Wind Turbines may improve crop growth


Northwest Iowa windfarm. Photo via mccmicb, Flickr

Wind turbines that dot Iowa’s landscape may help corn and soybeans grow faster and healthier, according to research by ISU professor Gene Takle.

The Des Moines Register reports:

Gene Takle, an ISU professor of geological and atmospheric science, said it appears turbines may help crops grow healthier and faster by moderating ground level temperatures, blowing away fungi-producing moisture and churning the air to expose plants to more growth-promoting carbon dioxide.

Takle presented the findings last week at a meeting of the American Geophysical Union in San Francisco.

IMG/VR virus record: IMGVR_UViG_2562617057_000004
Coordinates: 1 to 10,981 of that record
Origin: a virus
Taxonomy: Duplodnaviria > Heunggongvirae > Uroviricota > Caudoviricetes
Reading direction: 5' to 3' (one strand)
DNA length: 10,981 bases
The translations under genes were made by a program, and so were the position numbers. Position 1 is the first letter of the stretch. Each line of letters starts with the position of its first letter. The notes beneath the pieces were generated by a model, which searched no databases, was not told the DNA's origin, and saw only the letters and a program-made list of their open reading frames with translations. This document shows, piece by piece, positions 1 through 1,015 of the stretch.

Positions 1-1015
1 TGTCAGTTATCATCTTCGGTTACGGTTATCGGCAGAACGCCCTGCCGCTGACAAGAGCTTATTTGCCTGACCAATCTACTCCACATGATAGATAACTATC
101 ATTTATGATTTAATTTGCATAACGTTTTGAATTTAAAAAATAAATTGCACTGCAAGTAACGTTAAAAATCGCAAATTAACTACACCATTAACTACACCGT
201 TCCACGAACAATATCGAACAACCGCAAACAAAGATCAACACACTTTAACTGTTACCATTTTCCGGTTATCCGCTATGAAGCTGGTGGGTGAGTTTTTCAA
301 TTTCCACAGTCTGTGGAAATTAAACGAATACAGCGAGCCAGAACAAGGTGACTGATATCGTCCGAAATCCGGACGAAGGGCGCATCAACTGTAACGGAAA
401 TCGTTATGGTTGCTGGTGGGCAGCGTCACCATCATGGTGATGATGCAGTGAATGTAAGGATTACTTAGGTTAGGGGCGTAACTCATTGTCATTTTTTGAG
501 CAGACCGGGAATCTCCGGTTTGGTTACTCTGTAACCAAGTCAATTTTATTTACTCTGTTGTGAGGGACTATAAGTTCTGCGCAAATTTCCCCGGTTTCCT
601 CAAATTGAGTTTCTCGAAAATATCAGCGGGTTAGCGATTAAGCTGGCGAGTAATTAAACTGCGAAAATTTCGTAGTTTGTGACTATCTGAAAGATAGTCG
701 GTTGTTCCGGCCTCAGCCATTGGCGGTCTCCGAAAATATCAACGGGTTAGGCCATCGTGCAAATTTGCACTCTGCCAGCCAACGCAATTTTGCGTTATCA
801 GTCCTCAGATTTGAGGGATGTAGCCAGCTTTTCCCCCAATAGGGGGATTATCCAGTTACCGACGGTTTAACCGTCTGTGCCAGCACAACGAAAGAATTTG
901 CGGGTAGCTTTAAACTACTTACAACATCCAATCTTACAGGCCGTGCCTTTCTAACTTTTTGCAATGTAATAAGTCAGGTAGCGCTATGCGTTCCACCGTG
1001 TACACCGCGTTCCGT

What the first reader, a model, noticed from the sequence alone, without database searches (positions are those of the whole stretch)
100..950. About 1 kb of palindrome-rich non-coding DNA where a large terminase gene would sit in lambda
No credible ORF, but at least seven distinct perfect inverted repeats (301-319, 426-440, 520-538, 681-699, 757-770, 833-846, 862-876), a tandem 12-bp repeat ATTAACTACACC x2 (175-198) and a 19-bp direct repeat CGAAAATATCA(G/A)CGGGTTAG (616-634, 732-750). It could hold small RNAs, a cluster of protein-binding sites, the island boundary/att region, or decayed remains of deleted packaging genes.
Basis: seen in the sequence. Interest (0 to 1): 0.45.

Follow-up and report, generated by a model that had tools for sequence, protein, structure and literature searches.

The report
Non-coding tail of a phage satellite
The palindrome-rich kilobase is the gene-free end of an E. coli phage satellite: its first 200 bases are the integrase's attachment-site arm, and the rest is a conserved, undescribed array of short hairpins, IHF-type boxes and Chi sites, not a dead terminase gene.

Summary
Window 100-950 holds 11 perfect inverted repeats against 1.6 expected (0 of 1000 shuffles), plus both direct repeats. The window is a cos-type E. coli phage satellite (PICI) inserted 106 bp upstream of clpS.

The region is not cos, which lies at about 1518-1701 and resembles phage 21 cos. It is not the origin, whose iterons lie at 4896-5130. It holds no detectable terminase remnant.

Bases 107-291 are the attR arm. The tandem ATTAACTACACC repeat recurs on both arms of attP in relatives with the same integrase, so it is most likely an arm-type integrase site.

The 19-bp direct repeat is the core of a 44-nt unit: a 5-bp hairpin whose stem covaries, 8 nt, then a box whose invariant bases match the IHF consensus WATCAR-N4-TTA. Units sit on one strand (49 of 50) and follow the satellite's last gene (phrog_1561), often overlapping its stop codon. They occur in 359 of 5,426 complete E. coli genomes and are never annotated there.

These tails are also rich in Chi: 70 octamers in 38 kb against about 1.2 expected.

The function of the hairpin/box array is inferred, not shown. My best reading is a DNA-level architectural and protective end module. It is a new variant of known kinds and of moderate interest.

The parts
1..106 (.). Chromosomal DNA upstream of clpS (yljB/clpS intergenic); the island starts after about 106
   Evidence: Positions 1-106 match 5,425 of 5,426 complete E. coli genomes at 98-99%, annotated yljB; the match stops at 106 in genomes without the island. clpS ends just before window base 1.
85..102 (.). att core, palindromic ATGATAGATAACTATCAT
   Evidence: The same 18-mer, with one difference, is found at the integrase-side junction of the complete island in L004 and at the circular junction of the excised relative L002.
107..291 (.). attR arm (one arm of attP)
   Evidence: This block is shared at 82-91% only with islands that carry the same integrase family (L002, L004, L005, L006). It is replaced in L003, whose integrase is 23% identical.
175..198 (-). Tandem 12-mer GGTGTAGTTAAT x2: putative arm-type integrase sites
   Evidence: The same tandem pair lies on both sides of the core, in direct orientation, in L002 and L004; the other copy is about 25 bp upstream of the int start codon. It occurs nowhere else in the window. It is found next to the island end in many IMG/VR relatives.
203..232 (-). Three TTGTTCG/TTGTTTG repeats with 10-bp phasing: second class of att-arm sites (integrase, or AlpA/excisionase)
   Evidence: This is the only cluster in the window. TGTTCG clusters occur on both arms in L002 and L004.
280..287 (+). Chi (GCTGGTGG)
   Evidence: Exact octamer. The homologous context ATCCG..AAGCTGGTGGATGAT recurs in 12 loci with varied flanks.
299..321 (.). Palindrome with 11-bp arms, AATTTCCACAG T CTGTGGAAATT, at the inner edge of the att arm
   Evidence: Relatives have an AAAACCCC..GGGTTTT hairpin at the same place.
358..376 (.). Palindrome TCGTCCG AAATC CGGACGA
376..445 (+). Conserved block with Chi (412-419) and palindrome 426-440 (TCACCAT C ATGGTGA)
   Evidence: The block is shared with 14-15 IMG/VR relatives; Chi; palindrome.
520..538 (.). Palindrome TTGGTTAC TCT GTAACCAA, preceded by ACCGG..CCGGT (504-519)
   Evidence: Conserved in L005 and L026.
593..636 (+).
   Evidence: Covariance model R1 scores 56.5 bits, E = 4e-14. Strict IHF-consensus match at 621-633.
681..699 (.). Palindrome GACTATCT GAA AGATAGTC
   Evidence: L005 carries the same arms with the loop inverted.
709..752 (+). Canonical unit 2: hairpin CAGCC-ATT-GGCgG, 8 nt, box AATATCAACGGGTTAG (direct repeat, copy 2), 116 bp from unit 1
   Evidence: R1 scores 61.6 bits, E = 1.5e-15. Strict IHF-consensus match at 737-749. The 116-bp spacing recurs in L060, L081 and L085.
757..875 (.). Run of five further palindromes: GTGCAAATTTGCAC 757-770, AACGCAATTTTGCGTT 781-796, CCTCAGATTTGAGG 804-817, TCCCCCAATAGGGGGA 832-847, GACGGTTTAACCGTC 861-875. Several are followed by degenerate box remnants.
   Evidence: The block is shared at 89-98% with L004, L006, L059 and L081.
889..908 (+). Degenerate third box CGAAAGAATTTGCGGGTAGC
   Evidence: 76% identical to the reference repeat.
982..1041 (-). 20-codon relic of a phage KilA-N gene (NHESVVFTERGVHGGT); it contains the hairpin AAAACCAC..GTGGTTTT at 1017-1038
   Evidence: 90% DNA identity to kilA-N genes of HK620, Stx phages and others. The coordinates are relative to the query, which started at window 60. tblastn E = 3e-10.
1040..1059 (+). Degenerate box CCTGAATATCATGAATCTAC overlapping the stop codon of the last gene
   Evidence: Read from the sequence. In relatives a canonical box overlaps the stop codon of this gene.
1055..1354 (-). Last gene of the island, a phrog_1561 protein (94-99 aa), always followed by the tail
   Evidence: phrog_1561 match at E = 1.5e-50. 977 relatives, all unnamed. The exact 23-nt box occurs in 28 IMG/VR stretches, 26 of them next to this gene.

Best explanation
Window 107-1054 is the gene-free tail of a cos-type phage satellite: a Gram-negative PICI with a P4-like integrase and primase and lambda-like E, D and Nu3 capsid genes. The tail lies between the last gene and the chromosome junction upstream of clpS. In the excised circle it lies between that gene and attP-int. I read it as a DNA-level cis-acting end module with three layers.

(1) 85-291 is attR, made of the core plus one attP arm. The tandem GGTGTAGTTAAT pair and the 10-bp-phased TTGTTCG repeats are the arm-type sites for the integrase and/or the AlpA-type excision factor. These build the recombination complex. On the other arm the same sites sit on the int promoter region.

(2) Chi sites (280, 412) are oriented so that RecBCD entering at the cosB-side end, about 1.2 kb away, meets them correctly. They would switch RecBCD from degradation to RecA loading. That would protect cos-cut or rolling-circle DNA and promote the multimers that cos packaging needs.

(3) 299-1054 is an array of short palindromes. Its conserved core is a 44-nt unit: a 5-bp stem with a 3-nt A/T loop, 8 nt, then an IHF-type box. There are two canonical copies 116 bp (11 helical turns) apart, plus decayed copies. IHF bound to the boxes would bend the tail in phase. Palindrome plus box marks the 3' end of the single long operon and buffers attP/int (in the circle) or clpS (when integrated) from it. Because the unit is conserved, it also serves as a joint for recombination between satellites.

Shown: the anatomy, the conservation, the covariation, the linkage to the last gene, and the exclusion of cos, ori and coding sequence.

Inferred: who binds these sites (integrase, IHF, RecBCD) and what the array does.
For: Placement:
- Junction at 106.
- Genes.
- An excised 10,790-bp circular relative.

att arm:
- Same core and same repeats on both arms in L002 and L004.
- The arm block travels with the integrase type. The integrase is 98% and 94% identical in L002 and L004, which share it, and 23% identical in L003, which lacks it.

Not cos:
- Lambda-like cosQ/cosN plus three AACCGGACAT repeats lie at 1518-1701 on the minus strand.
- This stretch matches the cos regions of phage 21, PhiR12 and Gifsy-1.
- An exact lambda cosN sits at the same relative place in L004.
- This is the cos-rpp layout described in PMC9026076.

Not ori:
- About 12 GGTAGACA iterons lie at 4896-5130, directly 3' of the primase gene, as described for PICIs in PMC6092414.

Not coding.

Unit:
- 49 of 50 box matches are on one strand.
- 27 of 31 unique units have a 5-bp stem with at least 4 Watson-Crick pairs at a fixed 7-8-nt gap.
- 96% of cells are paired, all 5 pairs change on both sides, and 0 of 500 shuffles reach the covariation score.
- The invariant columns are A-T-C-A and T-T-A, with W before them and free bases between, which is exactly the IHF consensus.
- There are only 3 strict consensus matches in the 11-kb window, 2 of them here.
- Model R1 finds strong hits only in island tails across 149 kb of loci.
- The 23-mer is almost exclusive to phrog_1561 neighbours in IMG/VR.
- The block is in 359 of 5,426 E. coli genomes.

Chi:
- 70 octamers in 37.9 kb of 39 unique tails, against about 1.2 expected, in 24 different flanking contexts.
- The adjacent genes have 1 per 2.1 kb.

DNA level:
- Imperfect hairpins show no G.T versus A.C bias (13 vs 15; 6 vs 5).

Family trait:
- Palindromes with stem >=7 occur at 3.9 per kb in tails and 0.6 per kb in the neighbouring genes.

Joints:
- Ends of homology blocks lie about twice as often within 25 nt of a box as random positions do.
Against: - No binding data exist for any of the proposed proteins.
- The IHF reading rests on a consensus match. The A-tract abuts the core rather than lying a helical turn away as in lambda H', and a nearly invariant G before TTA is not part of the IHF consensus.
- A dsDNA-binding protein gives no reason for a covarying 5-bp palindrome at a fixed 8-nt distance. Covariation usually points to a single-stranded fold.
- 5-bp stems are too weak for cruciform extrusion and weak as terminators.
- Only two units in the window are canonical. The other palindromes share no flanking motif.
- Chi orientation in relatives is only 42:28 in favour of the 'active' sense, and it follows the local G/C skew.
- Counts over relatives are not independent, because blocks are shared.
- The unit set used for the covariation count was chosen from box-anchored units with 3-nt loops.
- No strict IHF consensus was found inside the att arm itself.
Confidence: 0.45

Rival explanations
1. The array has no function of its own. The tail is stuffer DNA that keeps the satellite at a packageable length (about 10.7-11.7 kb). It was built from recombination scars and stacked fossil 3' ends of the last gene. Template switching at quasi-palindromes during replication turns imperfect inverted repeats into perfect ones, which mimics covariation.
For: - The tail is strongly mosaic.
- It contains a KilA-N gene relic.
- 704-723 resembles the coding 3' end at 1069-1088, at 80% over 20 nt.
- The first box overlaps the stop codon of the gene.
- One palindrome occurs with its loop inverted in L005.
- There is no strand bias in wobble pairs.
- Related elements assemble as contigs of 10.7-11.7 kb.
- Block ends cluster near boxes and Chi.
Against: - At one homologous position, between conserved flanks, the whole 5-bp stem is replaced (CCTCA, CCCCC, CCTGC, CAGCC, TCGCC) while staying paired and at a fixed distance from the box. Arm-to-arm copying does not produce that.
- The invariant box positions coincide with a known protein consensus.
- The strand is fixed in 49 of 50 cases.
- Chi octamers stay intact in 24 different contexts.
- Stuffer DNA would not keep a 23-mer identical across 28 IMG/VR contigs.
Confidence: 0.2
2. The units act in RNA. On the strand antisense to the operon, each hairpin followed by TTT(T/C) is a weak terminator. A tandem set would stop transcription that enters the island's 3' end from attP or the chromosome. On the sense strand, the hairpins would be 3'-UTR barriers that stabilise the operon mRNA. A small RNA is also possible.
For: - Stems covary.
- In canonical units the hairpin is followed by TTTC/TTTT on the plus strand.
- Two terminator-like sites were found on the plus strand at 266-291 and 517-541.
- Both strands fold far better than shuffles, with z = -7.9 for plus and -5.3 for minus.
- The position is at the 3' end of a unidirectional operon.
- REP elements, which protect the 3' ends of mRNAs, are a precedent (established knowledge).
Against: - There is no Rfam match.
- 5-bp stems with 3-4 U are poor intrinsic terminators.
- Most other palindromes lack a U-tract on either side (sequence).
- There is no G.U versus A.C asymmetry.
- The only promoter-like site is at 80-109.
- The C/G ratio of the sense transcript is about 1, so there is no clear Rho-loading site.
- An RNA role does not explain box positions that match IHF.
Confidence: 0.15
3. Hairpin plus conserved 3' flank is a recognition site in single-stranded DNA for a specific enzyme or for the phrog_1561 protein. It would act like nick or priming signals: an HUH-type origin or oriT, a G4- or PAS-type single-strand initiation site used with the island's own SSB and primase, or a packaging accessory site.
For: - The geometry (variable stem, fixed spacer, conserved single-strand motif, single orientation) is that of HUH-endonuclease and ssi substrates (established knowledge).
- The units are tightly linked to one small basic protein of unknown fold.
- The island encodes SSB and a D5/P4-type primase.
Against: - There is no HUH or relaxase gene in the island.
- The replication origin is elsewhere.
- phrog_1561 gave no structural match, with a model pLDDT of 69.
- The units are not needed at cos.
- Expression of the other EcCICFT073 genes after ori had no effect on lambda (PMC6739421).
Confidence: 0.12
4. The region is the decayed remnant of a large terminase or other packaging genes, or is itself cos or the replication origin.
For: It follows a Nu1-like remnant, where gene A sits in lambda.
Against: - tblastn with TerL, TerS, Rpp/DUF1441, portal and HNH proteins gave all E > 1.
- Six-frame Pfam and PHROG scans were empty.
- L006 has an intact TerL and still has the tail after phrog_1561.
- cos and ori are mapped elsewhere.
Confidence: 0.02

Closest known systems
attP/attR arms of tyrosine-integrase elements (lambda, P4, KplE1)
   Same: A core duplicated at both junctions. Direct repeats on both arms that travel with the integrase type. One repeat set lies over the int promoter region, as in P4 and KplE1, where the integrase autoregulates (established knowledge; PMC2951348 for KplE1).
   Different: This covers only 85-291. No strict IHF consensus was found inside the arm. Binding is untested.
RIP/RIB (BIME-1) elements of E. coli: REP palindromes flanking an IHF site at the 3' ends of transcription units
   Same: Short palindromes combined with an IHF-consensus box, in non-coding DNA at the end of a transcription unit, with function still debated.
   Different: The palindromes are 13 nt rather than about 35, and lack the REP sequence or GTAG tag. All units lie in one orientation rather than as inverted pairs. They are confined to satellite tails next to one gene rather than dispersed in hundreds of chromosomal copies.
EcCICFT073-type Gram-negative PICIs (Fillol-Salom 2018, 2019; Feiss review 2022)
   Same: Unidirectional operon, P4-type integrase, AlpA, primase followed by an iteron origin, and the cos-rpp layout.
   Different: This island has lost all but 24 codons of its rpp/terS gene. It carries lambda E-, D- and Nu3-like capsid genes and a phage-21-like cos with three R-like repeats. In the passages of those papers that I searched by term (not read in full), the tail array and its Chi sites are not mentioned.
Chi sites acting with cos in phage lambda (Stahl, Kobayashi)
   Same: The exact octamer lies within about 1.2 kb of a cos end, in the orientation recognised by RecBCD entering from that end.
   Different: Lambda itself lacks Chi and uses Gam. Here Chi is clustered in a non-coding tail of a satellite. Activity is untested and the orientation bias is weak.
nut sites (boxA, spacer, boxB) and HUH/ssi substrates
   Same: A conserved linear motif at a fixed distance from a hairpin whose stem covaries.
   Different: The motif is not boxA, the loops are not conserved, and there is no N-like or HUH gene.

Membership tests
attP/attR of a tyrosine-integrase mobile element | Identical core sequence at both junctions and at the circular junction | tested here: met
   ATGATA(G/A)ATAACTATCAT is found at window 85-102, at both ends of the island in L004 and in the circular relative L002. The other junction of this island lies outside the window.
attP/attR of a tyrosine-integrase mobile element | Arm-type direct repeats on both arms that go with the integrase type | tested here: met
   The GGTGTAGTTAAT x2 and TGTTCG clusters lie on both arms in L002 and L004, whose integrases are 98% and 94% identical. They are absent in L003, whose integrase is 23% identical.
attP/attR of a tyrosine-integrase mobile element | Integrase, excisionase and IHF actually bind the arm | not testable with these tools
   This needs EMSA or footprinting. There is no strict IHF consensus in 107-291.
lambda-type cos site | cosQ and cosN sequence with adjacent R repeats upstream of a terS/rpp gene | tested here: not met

“This is an issue no one has raised before,” said Takle. “When people do impacts of wind turbines, they think about four things. They think about birds, bats, noise and radar interference. They really don’t consider impacts on the environment.”

But Takle and University of Colorado researcher Julie Lundquist did just that.

Last summer, Takle collected surface measurements of wind fluctuation, temperature changes and carbon dioxide levels from fields adjacent to turbines, while Lundquist used a special laser to determine that wind turbines create a plume of turbulence that can be measured up to a height of 250 feet and a quarter-mile downwind.

The next step is to design research capable of quantifying any impact the turbines have on crop growth, said Takle, who is also an agriculture meteorology expert with the Ames Laboratory….

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